Life at Low Reynolds Number

In Chapter 1 of , and I cite ’s wonderful article “ ” (, Volume 45, Pages 3–11, 1977). This paper is a transcript of a talk gave to honor physicist . The transcript captures the casual tone of the talk, and the hand-drawn figures are charming. Below I quote excerpts from the article, including my own versions of a couple of the drawings. Notice how his words emphasize insight. As Purcell says, “some essential hand-waving could not be reproduced.” Enjoy!

I’m going to talk about a world which, as physicists, we almost never think about. The physicist hears about in high school when he’s repeating and never hears about it again, as least not in what I teach. And , of course, is something for the engineers. And the low Reynolds number regime most engineers aren’t even interested in… But I want to take you into the world of very low Reynolds number-a world which is inhabited by the overwhelming majority of the organisms in this room. This world is quite different from the one that we have developed our intuitions in…

In Fig. 1, you see an object which is moving through a fluid with velocity v. It has dimension a,… η and ρ are the viscosity and density of the fluid. The ratio of the inertial forces to the viscous forces, as pointed out slightly less than a hundred years ago, is given by av ρ/η or av/ν, where ν is called the . It’s easier to remember its dimensions; for water, ν = 10^−2 cm^2/sec. The ratio is called the Reynolds number and when that number is small the viscous forces dominate… Now consider things that move through a liquid… The Reynolds number for a man swimming in water might be 10^4, if we put in reasonable dimensions. For a goldfish or a tiny guppy it might get down to 10^2. For the animals that we’re going to be talking about, as we’ll see in a moment, it’s about 10^−4 or 10^−5. For these animals is totally irrelevant. We know , but they could scarcely care less. I’ll show you a picture of the real animals in a bit but we are going to be talking about objects which are the order of a micron in size… In water where the kinematic viscosity is 10^−2cm^2/sec these things move around with a typical speed of 10 /sec. If I have to push that animal to move it, and suddenly I stop pushing, how far will it coast before it slows down? The answer is, about 0.1 . And it takes it about 0.6 μsec to slow down. I think this makes it clear what low Reynolds number means. Inertia plays no role whatsoever. If you are at very low Reynolds number, what you are doing at the moment is entirely determined by the forces that are exerted on you at that moment, and by nothing in the past…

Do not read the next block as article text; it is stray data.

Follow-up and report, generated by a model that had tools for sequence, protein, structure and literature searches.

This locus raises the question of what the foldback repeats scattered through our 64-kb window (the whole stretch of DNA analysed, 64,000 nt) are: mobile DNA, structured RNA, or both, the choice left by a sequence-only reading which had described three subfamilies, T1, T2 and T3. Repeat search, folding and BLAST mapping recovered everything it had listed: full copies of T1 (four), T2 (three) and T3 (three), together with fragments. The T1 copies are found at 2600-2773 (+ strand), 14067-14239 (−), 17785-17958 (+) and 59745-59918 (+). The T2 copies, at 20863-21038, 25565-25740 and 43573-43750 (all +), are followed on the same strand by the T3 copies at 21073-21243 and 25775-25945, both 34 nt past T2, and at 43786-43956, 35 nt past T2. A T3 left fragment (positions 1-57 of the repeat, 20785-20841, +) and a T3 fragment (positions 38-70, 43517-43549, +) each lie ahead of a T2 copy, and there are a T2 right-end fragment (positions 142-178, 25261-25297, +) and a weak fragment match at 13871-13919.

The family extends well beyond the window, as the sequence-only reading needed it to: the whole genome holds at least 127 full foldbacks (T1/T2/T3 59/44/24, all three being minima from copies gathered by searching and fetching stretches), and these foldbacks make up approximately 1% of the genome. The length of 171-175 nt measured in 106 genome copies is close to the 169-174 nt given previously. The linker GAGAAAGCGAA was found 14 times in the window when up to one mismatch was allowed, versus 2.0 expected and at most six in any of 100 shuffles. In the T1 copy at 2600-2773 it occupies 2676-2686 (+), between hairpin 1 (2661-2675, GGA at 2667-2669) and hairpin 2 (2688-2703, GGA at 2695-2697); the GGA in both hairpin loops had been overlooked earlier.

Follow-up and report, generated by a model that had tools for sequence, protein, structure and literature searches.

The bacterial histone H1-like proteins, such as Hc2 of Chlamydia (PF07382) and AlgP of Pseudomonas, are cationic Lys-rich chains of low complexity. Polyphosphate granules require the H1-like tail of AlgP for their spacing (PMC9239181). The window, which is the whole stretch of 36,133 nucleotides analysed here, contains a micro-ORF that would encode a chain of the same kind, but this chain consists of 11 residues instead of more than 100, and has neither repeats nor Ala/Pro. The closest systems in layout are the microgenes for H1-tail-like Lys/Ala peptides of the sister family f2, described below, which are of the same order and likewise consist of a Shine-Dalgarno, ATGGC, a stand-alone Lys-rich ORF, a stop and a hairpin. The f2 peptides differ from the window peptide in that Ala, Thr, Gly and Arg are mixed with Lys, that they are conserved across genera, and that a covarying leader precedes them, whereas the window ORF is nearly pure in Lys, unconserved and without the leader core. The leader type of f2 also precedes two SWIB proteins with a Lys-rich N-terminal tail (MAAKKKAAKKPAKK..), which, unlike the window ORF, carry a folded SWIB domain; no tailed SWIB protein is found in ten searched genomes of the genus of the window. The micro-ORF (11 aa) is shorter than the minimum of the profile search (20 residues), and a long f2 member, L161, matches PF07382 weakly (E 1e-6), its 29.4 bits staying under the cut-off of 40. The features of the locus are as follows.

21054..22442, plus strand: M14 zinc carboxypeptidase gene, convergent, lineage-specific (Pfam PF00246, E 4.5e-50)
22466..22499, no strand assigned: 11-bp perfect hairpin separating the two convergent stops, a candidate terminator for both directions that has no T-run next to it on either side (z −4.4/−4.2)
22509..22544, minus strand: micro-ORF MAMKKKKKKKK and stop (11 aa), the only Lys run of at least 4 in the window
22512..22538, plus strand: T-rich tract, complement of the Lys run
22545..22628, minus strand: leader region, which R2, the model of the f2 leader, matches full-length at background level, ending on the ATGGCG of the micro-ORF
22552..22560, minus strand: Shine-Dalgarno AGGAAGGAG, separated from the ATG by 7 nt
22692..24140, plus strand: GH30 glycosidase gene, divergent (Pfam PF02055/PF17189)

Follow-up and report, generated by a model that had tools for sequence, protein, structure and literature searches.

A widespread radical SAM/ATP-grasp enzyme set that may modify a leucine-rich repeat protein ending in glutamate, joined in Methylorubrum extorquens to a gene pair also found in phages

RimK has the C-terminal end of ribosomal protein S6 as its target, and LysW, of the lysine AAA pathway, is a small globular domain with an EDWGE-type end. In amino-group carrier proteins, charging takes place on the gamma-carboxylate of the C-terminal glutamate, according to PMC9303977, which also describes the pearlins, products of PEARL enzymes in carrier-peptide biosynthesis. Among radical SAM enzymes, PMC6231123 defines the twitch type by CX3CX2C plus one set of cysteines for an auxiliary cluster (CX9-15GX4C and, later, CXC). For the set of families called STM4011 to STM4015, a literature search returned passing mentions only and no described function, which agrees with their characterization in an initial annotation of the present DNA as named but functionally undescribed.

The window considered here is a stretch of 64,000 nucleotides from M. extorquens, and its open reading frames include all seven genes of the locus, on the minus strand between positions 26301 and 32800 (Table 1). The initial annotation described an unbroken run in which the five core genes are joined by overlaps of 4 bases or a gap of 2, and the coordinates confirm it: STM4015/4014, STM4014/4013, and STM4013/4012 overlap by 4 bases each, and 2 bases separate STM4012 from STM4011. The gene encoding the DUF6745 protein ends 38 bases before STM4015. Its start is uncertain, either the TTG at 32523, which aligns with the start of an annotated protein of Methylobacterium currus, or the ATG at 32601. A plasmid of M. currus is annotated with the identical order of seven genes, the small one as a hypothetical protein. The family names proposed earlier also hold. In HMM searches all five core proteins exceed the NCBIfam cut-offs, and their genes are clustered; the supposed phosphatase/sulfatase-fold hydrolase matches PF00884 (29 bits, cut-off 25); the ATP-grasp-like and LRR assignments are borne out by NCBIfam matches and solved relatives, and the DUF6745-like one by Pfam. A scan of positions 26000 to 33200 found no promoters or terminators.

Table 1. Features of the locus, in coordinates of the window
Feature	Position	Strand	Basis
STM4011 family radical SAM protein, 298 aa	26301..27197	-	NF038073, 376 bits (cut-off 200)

Diffusion is important because of [a] very peculiar feature of the world at low Reynolds number, and that is, stirring isn’t any good… At low Reynolds number you can’t shake off your environment. If you move, you take it along; it only gradually falls behind. We can use elementary physics to look at this in a very simple way. The time for transporting anything a distance by stirring is about divided by the stirring speed v. Whereas, for transport by , it’s 2 divided by D, the diffusion constant. The ratio of those two times is a measure of the effectiveness of stirring versus that of diffusion for any given distance and diffusion constant. I’m sure this ratio has someone’s name but I don’t know the literature and I don’t know whose number that’s called. Call it S for stirring number. It’s just v/D. You’ll notice by the way that the Reynolds number was v/ν. ν is the kinematic viscosity in cm^2/sec, and D is the diffusion constant in cm^2/sec, for whatever it is that we are interested in following-let’s say a nutrient molecule in water. Now, in water the diffusion constant is pretty much the same for every reasonably sized molecule, something like 10^−5 cm^2/sec. In the size domain that we’re interested in, of micron distances, we find that the stirring number S is 10^−2, for the velocities that we are talking about (Fig. 18). In other words, this bug can’t do anything by stirring its local surroundings. It might as well wait for things to diffuse, either in or out. The transport of wastes away from the animal or food to the animal is entirely controlled locally by diffusion. You can thrash around a lot, but the fellow who just sits there quietly waiting for stuff to diffuse will collect just as much.

Originally published at .

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Professor of Physics at Oakland University and coauthor of the textbook Intermediate Physics for Medicine and Biology.

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